When addicts stop using drugs and alcohol they are commonly beset by drinking and drugging dreams. Usually occurring within the first year of abstinence these dreams can be strikingly vivid. The addict often wakes up highly agitated, believing completely he or she has fallen off the wagon. Even upon realizing it’s only a dream, the phenomenon can be highly disturbing. Addicts and alcoholics feel as though they have betrayed their sobriety, almost like a relapse.
Not to connect the dots but…
Having left Adland 5 months ago, I had my first (recollected) advertising dream the other night. I was younger (a man can dream!) and working on a luxury car account. The crux of the dream had me pitching concepts to one of my first bosses and mentors, Ted Bell. (Ted is now retired from advertising and a best-selling author of thrillers like Warlord and Assassin.)
If he was my boss that means the place was likely Leo Burnett and the account Oldsmobile… even if the car in my dream was a snazzy convertible, unlike anything Olds used to make.
Regardless, I remember trying to make wordplay about drivers having an “open mind” for the open top vehicle. I can’t recall the exact copy but either way Ted wasn’t buying it. “People don’t need an open mind to want one of these cars,” he kept repeating. Why I kept fighting him on the point I don’t know; but I was. Needless to say, the boss is always right. Even in your dreams. Upon waking, I realized my idea was silly and sophomoric. Very “spec book.”
Yet, what disturbed me most about the dream wasn’t the mediocre concept but rather my dogged determination to prevail. I wouldn’t take no for an answer. I kept trying to make a case for my silly open minds concept.
Sound familiar? Who among us doesn’t remember pushing way too hard our first concepts? The relentless young creative is so commonplace it’s basically a cliché. In a recent AdAge interview, famed adman and now teacher, Luke Sullivan stated his biggest regret was “having an insane amount of certainty” as a young copywriter.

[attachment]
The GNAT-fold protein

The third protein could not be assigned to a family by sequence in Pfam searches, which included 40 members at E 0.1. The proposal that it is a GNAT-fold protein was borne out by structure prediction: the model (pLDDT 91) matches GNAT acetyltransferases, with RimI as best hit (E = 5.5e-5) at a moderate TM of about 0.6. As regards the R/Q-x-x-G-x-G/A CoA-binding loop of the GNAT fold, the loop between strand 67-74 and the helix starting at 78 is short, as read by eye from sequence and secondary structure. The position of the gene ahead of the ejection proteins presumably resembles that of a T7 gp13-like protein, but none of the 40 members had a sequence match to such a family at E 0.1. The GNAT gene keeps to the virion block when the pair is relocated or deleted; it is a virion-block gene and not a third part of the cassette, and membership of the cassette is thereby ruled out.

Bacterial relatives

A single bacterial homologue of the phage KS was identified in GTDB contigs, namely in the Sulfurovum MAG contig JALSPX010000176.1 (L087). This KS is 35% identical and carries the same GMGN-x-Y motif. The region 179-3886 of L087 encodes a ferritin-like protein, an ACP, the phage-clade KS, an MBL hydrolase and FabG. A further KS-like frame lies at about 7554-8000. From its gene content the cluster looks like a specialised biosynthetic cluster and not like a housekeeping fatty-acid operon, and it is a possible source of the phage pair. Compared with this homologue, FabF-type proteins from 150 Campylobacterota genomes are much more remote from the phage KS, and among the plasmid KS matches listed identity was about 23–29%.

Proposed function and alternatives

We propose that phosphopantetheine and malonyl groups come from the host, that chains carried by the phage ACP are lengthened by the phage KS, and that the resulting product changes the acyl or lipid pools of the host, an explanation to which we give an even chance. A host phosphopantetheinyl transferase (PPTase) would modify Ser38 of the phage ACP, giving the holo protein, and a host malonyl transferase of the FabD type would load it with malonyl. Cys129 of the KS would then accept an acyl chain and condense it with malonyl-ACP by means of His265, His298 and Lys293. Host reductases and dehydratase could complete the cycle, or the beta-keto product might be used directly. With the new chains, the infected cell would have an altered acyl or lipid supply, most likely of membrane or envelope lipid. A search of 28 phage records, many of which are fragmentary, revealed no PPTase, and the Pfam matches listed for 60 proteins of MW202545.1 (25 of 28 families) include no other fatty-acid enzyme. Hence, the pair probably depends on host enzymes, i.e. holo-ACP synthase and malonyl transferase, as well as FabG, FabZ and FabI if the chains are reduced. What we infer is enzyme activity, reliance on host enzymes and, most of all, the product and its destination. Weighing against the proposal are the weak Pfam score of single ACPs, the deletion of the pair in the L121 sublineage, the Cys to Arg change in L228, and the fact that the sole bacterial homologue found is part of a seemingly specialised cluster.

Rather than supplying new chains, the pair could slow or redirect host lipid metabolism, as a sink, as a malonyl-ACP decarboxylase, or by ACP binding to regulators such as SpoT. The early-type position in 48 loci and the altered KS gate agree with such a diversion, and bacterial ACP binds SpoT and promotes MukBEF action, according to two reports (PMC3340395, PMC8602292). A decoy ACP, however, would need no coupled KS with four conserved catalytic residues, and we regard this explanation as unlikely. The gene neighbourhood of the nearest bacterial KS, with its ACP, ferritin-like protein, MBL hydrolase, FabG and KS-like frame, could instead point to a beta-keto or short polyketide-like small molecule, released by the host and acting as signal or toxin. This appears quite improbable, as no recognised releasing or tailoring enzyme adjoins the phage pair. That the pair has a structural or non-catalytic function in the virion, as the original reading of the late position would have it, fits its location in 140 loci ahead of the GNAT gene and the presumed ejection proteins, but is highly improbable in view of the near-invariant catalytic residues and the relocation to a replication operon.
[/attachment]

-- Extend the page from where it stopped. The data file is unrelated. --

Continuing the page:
And there I was trying to force my boss to have an open mind!
January 5, 2011
As a beginning copywriter at Leo Burnett, I had two mentors who helped me immeasurably. The first was Ted Bell, a creative director plucked from Doyle Dane Bernbach in New York. He’d made a name doing some of the later adverts in the famed Chivas Regal campaign. He and his partner, John Eding (both perhaps mentored by the great Helmut Krone) had just been hired by Burnett to bring daring-do and expertise to our agency, specifically on the Schenley (now Guinness) account. Both men did just that, reinvigorating the moribund Dewar’s campaign. Their effort (and ours) would gather many creative awards for the agency. To this day, I hold the craft of print and poster making in the highest regard. And I owe much of that to these two exemplary creative people and, in particular, the writer, Ted Bell.
Wanting to impress my boss and/or emulate him was key to my development as a copywriter. When you watch Mad Men observe how Peggy busts her ass to impress her boss, Don Draper. It was not sort of the same for me. It was exactly the same. Working all night –hell all week- to craft one paragraph and then, heart in my throat, presenting it to Ted was everything. At the time it just seemed normal. I wanted what they had and I was prepared to go to great lengths to achieve it. And Ted and John were almost always there for me. In addition to copywriting, Ted taught me, by example, the fine art of presenting. Watching him sell work was a privilege. He owned the room. Again, I think of Don Draper.
The other mentor I was born into. My father, Larry Postaer was and still is a model creative director and consummate writer. Obviously, I didn’t work for my dad but his influence on my chosen career was critical. Among other things, my father taught me about loyalty to company and client as well as the near-sacred nature in trusting one’s team and partner. While these qualities have lost meaning in today’s creative department that doesn’t make them in any less precious.